The supercommittee drafted a proposal that would have eliminated tax brackets lower than 35 percent for affluent families, taxing the first dollar of taxable earnings at the highest tax bracket. In the late 1980s, the tax code included a similar rule, which "clawed back" savings from lower tax rates for some rich families.
Under the existing tax code, the first $17,400 of adjusted gross income for a couple filing jointly is taxed at 10 percent. Above that level, up to $70,700, income is taxed at 15 percent. Income between $70,701 and $142,700 is taxed at 25 percent. Gross incomes up to $217,450 are taxed at 28 percent. The next bracket, 33 percent, ends at $388,350 for couples. The top bracket hits adjusted gross incomes only above $388,350.
All taxpayers get the advantage of the lower tax rates below the top threshold, whether they earn $40,000 or $40 million.
If Republicans insist that the top 35 percent rate cannot change while Congress tries to rewrite the tax code, negotiators could decide to technically keep all the Bush-era tax rates in place, but eliminate the lower tax rates for rich households.
"Would you consider that a tax rate increase?" asked one aide familiar with the idea. "It would not impact the top marginal rate, and no one would have an effective rate over 35 percent." But, he added, taxes would rise for the rich. He, like other aides, spoke on condition of anonymity because Congressional leaders want negotiations to be kept quiet.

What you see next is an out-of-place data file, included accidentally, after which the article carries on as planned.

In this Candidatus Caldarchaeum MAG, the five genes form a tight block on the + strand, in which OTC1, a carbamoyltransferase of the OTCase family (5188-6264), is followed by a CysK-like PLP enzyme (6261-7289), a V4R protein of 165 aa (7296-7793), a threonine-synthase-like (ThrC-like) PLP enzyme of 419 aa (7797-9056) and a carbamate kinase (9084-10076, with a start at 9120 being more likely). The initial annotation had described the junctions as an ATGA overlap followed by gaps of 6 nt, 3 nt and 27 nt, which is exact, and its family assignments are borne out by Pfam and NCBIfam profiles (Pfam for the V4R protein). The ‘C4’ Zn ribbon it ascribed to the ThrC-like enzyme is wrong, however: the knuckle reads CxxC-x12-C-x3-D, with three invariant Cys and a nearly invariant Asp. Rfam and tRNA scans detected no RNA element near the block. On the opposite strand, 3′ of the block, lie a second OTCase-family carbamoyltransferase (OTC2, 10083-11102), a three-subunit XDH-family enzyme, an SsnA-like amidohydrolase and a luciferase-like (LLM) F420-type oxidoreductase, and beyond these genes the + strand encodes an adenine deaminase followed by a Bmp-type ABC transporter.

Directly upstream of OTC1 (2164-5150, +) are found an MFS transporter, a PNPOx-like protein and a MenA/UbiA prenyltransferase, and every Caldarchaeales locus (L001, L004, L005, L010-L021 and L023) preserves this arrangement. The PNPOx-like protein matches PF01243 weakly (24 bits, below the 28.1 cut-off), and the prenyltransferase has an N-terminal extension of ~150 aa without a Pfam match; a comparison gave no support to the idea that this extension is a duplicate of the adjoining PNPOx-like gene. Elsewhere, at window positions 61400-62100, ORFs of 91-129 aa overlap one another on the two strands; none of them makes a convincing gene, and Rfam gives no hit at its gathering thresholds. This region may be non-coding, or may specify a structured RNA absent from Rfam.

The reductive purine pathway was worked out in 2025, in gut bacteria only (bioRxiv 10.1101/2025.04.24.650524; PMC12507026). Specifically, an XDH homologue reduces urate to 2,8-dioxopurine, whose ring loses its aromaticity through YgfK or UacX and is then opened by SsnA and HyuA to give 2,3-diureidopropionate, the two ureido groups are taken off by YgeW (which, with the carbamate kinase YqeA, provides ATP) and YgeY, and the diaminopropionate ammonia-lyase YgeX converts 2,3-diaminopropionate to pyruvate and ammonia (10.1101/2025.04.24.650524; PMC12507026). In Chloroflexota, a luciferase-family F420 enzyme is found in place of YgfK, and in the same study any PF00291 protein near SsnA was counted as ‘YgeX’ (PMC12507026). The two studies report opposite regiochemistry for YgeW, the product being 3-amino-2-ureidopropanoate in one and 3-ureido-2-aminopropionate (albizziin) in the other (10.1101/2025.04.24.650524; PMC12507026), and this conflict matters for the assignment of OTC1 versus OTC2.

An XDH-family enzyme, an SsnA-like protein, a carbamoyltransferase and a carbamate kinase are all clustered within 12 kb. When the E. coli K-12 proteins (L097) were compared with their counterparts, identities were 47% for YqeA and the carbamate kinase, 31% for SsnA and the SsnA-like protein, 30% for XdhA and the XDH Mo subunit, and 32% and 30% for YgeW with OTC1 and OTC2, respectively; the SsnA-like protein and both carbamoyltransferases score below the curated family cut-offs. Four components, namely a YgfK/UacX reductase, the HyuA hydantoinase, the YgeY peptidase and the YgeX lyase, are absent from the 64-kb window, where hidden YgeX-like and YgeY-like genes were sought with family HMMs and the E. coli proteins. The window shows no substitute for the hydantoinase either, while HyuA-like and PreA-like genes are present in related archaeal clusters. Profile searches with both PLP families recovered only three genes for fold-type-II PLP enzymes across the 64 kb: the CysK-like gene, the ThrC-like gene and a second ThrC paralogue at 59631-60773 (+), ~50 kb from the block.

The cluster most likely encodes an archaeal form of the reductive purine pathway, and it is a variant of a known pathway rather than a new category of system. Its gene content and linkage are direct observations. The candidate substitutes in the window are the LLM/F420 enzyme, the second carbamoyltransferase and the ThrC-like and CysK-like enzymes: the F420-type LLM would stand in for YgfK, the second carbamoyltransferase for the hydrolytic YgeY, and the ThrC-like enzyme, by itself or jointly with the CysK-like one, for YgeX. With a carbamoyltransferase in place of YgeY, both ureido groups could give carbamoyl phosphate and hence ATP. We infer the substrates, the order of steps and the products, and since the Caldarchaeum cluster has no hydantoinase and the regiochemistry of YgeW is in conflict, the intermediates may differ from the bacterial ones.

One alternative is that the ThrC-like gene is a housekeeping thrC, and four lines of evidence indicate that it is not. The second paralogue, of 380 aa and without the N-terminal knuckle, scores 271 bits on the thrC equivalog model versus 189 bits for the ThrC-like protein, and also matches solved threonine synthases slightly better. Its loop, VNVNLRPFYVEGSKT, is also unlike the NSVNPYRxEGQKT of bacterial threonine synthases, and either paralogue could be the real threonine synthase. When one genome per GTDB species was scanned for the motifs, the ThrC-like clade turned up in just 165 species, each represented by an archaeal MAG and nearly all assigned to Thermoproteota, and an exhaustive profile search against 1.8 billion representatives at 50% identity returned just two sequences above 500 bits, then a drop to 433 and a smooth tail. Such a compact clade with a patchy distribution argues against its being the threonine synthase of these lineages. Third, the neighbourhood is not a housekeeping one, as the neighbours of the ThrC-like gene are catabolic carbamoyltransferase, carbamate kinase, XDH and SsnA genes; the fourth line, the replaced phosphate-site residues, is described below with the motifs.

A Democrat familiar with the proposal called it plausible, but said its future would depend on an official scoring of how much revenue it would raise. White House and Congressional aides "are looking at lots of creative options," the Democrat said.
Negotiators have at least agreed on the shape of a deal. They would establish a framework that would stipulate fixed amounts of revenues to be raised through rewriting the tax code and through savings to be generated by changes to social programs and other federal programs like farm subsidies. The negotiators also want to propose additional cuts in programs included in annual Congressional spending bills, although Democrats want to hold further cuts to a minimum, arguing they agreed to $1 trillion in domestic discretionary cuts over 10 years in last year's Budget Control Act without a dime in tax increases.
It would be up to Congressional committees next year to draft the legislation to meet those targets, but Congress would be given special instructions to ease passage of the bills.
Once the target numbers are settled, negotiators would have to come up with a down payment on deficit reduction to show the world's financial markets that Washington is serious. That is where the creative tax ideas would come in. The negotiators would also have to agree on a fallback plan that would ensure the deficit would be cut even if Congress failed to approve tax and entitlement overhauls.
The down payment and the fallback are sticking points. Democrats want a large down payment, financed immediately by higher taxes on the rich, preferably by simply letting the top two income tax rates from the Bush era expire. Republicans say the down payment can be minimal.
Arguments over the fallback reflect a philosophical divide. Many Democrats want it to be so onerous that Congress would see no choice but to act on more sensible plans. Some argue that after six months the current looming crisis would simply reappear. Some Republicans say the fallback plan should itself be an acceptable alternative.